Guedes, S. R., Valentim, A. M., Antunes, L. M. 2017. Mice aversion to sevoflurane, isoflurane and carbon dioxide using an approach-avoidance task. Applied Animal Behaviour Science 189, 91-97.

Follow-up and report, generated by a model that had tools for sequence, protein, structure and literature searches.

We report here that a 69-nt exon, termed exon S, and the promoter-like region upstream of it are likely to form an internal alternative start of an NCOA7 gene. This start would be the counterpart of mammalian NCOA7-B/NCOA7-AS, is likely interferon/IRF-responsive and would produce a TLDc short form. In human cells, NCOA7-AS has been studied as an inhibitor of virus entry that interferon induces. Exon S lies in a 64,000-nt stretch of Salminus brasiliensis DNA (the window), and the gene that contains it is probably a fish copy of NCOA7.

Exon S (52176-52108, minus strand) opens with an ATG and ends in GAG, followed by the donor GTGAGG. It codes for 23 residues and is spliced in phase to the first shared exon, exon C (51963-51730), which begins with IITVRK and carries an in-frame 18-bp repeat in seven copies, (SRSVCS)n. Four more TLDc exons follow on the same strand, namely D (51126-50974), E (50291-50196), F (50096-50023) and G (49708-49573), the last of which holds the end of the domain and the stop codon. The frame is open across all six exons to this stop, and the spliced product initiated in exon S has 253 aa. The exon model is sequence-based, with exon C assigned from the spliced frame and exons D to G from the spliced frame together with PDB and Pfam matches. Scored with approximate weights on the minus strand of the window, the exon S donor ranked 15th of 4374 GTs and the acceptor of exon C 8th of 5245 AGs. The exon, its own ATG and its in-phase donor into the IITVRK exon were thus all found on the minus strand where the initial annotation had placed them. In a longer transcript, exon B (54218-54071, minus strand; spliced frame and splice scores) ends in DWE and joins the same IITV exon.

Euthanasia of laboratory animals is one of the main concerns for animal welfare, especially the use of carbon dioxide (CO2) which has been described to induce aversive-like behaviours. In order to refine mass euthanasia in rodents, this study aims to determine which gas, sevoflurane, isoflurane or CO2 induce less aversion in mice. Contrarily to carbon dioxide, the other gases do not induce formation of carbonic acid in the mucosa and are often used to anaesthetized mammals. A new approach-avoidance test was performed using 26 male NMRI mice. Animals had the possibility to choose between two gas environments delivered in different chambers at a 0.2L/min:1) 8% sevoflurane or 4% isoflurane (sevo vs iso), 2) 8% sevoflurane or 100% CO2 (sevo vs CO2) and 3) 4% isoflurane or 100% CO2 (iso vs CO2). Mice were placed in a central elevated compartment called the air chamber, and moved freely between the rewarded gas chambers until ataxia was observed or when 300s elapsed. Time spent in each chamber, the number of visits per minute, and eaten rewards were measured to evaluate aversion. Mice spent significantly more time in the sevoflurane chamber than in the air chamber in the sevo vs CO2 treatment. In the iso vs CO2 treatment, mice spent less time in the isoflurane chamber than in the air chamber. Also, the introduction of isoflurane and CO2 in the testing trial induced mice to spend less time in these gas chambers compared with the time spent when no gas was present during the habituation period. Moreover, animals also ate fewer pellets in the isoflurane chamber compared with what was eaten when no gas was present. These observations indicate that sevoflurane may induce lower levels of aversion, contrarily to CO2, and isoflurane. Thereby the use of sevoflurane may contribute to the refinement of mice euthanasia. Sevoflurane may be used to induce unconsciousness before a potential more aversive gas is used to finish the euthanasia process.